In Memoriam, Robert D. Henry, aka Dad
Today marks the one year anniversary of my Dad’s death. My mother has posted a memorial in her local newspapers, which is customary in the rural area where she lives. About a week ago, she asked me to write something for that memorial as I am “the writer in the family”.
I selfishly didn’t want to write anything. It would hurt, make me cry, make me think about Dad and the last year of his life. I didn’t want to feel that pain over again. So I looked through pre-written, memorial prose and poems. I copied a few to share with Mom before it really hit me that I should make an effort. I should try to say how we miss him, because remembering Dad, with all his silliness and smarts, is a good thing. Dad was more than just that last year of hospitals, nurses and blood tests. Dad was a storyteller, an educator, a bee-keeper, a fisherman, a builder, a cowboy, a gardener, a husband and a father. So, I wrote this poem.
When I read it to my Mom, we cried a bit and decided this would be something to share here, as a memorial for my Pop:
World Without –
Time has passed
differently since you left,
headed for Heaven
to watch over us
The bees reluctantly make honey
The fish are slower to rise for a juicy worm
The tomatoes struggle to plump
on their garden vine
And the old black dog still
waits for you to walk
through the front door
There have been moments
or whole days
when we expect to hear your laugh again
to get wrapped up in your big, generous hug
to see the twinkle in your eyes as you plan something ornery
to hear your Eddie Arnold baritone work through half a song
to get advice on a million subjects only you knew best
Our memories of you
will bind us in love
as we wait for you by the front door.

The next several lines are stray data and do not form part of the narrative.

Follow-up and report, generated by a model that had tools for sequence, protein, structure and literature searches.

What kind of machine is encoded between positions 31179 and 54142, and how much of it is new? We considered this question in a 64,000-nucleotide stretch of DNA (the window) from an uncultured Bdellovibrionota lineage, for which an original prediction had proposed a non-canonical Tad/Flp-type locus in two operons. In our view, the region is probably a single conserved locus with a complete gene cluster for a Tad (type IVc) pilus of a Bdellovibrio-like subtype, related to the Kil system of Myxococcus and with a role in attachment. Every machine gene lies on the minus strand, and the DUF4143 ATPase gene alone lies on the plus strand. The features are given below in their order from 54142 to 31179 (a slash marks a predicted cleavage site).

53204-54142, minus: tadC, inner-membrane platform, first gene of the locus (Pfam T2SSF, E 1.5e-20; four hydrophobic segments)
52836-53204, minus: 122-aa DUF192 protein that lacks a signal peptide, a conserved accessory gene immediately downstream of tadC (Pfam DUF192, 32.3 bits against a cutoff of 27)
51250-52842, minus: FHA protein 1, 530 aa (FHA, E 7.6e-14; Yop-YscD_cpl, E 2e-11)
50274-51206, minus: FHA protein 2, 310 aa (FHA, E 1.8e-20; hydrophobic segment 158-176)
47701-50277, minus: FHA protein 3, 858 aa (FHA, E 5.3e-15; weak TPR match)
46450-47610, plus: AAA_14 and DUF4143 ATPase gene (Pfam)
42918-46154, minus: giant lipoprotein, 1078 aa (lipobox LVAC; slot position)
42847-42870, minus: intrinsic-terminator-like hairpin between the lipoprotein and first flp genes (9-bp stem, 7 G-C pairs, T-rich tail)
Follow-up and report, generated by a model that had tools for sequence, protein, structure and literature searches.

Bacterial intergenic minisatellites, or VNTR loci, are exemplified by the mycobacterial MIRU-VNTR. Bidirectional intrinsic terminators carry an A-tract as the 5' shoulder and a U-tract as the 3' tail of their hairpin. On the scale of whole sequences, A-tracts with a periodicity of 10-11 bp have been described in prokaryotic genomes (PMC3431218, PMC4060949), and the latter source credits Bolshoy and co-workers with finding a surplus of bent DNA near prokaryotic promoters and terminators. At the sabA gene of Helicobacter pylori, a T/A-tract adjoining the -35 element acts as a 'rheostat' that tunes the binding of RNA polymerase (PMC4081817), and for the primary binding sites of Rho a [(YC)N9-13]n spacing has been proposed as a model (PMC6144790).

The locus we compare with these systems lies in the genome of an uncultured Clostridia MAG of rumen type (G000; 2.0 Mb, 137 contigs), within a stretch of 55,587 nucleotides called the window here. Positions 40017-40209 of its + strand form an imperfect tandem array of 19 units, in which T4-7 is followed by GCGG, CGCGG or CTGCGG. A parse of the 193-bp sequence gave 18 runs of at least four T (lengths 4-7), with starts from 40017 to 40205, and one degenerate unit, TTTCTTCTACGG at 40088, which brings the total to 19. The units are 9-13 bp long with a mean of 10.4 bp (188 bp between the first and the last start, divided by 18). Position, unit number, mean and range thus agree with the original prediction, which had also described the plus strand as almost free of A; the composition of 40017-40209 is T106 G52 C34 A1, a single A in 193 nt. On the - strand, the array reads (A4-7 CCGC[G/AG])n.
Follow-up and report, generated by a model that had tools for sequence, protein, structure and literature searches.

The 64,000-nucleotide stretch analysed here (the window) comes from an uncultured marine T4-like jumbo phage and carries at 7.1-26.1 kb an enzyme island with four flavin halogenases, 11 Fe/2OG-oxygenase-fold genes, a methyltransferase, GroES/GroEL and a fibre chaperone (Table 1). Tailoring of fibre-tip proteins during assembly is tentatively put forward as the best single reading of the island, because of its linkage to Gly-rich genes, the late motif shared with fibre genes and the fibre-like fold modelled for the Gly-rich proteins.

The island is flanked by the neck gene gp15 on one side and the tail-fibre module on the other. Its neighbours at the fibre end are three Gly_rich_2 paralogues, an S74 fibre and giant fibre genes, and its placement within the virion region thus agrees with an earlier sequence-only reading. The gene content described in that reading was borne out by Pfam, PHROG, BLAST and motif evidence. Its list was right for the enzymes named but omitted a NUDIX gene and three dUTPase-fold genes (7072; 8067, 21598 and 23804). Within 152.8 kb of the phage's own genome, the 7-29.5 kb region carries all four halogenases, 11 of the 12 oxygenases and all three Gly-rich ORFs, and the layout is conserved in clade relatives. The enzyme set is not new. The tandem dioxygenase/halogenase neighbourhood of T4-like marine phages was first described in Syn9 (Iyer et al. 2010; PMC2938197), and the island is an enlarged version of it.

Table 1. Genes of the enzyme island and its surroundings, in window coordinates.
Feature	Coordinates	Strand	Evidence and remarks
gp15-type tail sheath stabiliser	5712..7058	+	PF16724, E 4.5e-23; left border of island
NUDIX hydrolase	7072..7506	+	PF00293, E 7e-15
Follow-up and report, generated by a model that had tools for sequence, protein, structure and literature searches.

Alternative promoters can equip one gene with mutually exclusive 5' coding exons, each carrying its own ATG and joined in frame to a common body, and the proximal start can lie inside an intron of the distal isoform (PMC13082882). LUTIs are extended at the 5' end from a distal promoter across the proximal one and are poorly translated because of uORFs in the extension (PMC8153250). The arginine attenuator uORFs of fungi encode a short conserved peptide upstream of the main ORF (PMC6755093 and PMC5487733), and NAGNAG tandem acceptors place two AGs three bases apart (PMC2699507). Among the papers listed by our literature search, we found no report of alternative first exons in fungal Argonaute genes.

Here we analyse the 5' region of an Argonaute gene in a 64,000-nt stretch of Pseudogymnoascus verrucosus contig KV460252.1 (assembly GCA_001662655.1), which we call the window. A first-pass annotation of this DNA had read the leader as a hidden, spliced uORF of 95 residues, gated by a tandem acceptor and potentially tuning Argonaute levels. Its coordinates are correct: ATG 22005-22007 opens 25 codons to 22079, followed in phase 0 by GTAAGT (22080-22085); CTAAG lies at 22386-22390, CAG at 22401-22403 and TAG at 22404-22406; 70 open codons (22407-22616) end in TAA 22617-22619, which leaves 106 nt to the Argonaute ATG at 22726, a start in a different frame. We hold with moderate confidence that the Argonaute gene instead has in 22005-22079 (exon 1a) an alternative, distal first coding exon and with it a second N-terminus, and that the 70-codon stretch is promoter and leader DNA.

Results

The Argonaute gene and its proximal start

Dad died on August 26, 2009 at 5:58 am. I remember his last breath, the troubled night before and the grief that followed that exhale. He left us, as the sun came up and poured pinks and pastel blues of the flat Colorado prairie where he had spent the entire experience of his life. We were with him; 5 kids, one granddaughter and Mom. We were holding his hands, holding up Mom, telling him it was okay to let go, be at peace.
So he left us.
I remember afterward, that I took my phone and walked out the front door of the hospital. It was a beautiful summer morning. The air was about as clean as it can get just about anywhere and a couple of stars were still blinking on the horizon.
I perched on the end of the little stone bench. I would have sat fully, but the sprinklers had left a puddle in the little ridge that ran down the center of the marble seat. I needed to call my support, my oak, my own husband and tell him.
So strange to think that the whole world didn’t automatically know that everything had changed. How could the breeze blow the same way? or flowers grow to any height? My world had lurched like a train making an unexpected pick up. Everything I had ever known seemed to stop. So how did the globe keep spinning?
It’s been a very surreal year. When I see pictures, it seems weird that Dad isn’t around any more. Time passes and the memories of Dad, when he was healthy and ornery and goofy, are starting to come more frequently than the memories of him when he was sick. Still, I have dreams about him walking on the beach next to me, explaining how the ions in salt water can heal me. Dad liked to educate me, and everybody, on stuff like that. I like those dreams, even though they make me miss him more.
The wound of losing him has healed so it isn’t as raw, but that scar will always mark me. I will miss my Pop for the rest of my life.